When the priest enters the shrine unseen in the dark to combat the ‘enemies’ of the community and emerges from shrine victorious, the community goes into celebration. Then the bridal procession takes place. Three days later, the brides undertake a clapping event first in the day then at night. They use adjudju (small hand fans made for the occasion), sing special songs that are composed for and sung only for this event. During the night clapping event, able bodied men are on ground to physically protect the initiates from harm, as well as spiritualists whose job is to protect the initiates from evil spiritual machinations. After this, the initiates marched to the shrine, swept its surrounding and slept on special mats which they carried to the shrine. Between 4:00am and 6:00am, the initiates undergo another rite/event called the Nuwedodo. In this exercise, four able-bodied men hold a six yards piece of cloth high up and above the head of the bride (Opha) or initiate who stood in the middle. As the songs for this event are sung, both the initiate and the men holding the cloth move in measured steps to the market square and back home without a break. The men are not allowed to lower their hands lest the cloth touch the head of the initiate. Similarly, the initiate maintained her steps to keep away from the cloth. It is a well calculated walk by the initiates and the men. Since it is an abomination for the cloth to touch the initiate and the performance took close to two hours, only men who are confident of their ability volunteered to take part in the exercise. Thus, any man who volunteers for this event is highly acclaimed, respected and considered a hero. So, the male and female genders are not mutually exclusive in the festival. This inter-dependence ripples into other aspects of the society as is captured in the idea that “The Ekpako [aged or ‘mature’ men] Ekokweya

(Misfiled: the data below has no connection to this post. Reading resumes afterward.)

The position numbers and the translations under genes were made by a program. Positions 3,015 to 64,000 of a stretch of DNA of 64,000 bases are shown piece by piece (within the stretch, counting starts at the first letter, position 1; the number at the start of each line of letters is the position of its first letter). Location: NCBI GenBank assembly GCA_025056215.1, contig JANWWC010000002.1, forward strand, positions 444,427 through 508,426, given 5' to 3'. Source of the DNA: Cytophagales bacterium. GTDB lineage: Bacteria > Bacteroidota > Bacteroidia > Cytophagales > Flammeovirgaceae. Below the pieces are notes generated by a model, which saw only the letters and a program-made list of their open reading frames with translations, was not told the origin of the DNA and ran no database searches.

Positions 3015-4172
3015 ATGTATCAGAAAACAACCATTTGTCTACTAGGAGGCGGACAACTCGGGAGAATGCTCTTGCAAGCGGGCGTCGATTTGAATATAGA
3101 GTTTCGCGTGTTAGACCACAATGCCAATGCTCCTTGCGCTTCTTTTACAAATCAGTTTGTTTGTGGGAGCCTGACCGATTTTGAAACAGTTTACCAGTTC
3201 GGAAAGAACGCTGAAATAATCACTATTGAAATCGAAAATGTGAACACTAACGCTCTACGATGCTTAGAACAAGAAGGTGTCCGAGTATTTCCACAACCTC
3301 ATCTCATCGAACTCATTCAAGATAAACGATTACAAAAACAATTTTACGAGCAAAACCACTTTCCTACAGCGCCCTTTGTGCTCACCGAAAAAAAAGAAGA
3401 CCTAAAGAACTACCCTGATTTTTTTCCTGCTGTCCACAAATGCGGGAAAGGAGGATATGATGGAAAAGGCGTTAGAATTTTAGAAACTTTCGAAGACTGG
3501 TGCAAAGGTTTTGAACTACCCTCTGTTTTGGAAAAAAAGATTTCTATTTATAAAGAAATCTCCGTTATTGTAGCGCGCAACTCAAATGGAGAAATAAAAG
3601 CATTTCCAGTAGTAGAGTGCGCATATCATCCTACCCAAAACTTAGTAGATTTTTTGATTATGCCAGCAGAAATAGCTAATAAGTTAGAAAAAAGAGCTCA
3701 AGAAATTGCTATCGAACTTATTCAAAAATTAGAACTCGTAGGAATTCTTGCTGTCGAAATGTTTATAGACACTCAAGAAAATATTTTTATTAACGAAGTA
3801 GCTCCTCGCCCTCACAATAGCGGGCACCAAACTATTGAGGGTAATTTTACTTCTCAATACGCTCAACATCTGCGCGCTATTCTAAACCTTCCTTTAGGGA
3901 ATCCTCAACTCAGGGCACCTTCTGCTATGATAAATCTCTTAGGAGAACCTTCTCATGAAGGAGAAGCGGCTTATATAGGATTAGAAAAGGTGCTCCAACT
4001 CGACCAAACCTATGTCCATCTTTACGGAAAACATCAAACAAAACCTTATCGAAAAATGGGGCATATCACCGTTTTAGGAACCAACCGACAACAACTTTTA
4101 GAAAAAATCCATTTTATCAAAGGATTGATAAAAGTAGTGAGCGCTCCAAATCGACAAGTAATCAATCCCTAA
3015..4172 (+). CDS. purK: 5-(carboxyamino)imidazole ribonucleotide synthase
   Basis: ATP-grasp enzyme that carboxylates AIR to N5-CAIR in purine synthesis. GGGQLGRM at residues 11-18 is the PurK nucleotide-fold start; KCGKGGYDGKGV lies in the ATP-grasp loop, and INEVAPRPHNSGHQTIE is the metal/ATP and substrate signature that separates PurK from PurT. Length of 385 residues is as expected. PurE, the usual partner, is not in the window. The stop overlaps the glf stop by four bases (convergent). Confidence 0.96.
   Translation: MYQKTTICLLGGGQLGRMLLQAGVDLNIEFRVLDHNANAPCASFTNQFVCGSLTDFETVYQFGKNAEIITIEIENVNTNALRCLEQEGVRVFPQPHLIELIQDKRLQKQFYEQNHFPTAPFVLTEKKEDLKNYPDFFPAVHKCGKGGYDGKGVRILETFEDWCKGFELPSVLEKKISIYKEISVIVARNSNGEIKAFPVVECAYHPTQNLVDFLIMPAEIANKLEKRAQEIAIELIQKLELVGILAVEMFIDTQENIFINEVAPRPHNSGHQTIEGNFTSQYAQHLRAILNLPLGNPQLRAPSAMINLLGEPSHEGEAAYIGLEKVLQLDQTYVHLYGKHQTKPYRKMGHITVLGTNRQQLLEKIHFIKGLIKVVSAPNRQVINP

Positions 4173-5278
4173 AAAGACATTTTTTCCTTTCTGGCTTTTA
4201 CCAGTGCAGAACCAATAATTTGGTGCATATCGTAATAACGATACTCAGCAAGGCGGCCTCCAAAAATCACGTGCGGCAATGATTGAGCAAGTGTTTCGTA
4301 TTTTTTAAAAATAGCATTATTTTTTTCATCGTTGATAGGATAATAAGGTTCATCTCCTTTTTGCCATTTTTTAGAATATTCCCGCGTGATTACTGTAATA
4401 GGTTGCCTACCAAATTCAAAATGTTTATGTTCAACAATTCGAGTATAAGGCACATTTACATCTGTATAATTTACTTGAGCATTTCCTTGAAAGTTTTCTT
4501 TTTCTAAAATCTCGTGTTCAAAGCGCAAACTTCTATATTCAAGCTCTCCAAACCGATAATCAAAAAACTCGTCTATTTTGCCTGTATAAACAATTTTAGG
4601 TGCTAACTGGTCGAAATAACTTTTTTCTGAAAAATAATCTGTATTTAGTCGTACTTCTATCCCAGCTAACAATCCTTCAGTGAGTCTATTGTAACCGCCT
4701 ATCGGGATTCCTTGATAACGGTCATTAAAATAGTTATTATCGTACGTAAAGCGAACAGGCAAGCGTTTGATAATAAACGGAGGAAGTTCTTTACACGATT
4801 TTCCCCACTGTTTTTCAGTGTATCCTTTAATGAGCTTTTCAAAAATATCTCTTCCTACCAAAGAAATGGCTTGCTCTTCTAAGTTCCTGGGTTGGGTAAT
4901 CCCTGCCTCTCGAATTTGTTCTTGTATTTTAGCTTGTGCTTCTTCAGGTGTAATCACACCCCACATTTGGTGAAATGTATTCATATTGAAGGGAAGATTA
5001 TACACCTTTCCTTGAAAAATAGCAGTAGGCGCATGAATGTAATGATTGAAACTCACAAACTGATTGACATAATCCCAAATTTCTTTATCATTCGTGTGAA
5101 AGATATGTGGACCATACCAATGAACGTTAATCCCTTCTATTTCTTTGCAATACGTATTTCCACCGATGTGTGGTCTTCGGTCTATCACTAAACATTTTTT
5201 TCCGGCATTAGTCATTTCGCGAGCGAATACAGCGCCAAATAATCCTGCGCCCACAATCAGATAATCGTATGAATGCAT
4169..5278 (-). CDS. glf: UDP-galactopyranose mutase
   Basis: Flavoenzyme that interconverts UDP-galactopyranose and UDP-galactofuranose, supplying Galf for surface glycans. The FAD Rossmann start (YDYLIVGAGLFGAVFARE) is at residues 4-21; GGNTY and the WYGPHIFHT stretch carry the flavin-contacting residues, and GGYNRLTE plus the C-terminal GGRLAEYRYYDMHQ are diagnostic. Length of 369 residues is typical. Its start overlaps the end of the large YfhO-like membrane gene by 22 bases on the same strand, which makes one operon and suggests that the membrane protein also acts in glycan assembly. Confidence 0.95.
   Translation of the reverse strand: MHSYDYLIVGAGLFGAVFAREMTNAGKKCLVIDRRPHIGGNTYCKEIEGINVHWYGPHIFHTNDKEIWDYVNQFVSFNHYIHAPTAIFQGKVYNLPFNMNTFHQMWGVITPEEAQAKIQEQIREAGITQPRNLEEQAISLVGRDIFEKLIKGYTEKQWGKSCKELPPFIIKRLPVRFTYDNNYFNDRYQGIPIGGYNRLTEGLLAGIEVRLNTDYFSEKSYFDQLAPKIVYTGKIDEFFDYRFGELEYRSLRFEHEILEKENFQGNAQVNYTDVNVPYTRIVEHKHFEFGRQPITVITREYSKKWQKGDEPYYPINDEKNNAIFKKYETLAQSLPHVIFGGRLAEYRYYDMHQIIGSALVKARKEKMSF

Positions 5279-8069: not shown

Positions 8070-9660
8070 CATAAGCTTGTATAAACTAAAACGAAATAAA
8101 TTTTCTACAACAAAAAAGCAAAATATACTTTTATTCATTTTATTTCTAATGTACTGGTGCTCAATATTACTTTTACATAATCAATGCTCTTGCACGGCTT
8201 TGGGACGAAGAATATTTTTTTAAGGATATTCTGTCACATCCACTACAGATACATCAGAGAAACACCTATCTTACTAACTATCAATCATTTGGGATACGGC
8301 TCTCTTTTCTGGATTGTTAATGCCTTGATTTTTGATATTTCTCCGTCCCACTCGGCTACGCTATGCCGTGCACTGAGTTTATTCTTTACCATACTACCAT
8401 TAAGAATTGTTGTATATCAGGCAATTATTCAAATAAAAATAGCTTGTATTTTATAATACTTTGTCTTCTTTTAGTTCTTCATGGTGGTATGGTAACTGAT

[aged or ‘mature’ women]

age grades assist in the day-to-day administration of the clan and serve as custodians of the Urhobo culture…”(Kwekudee 9).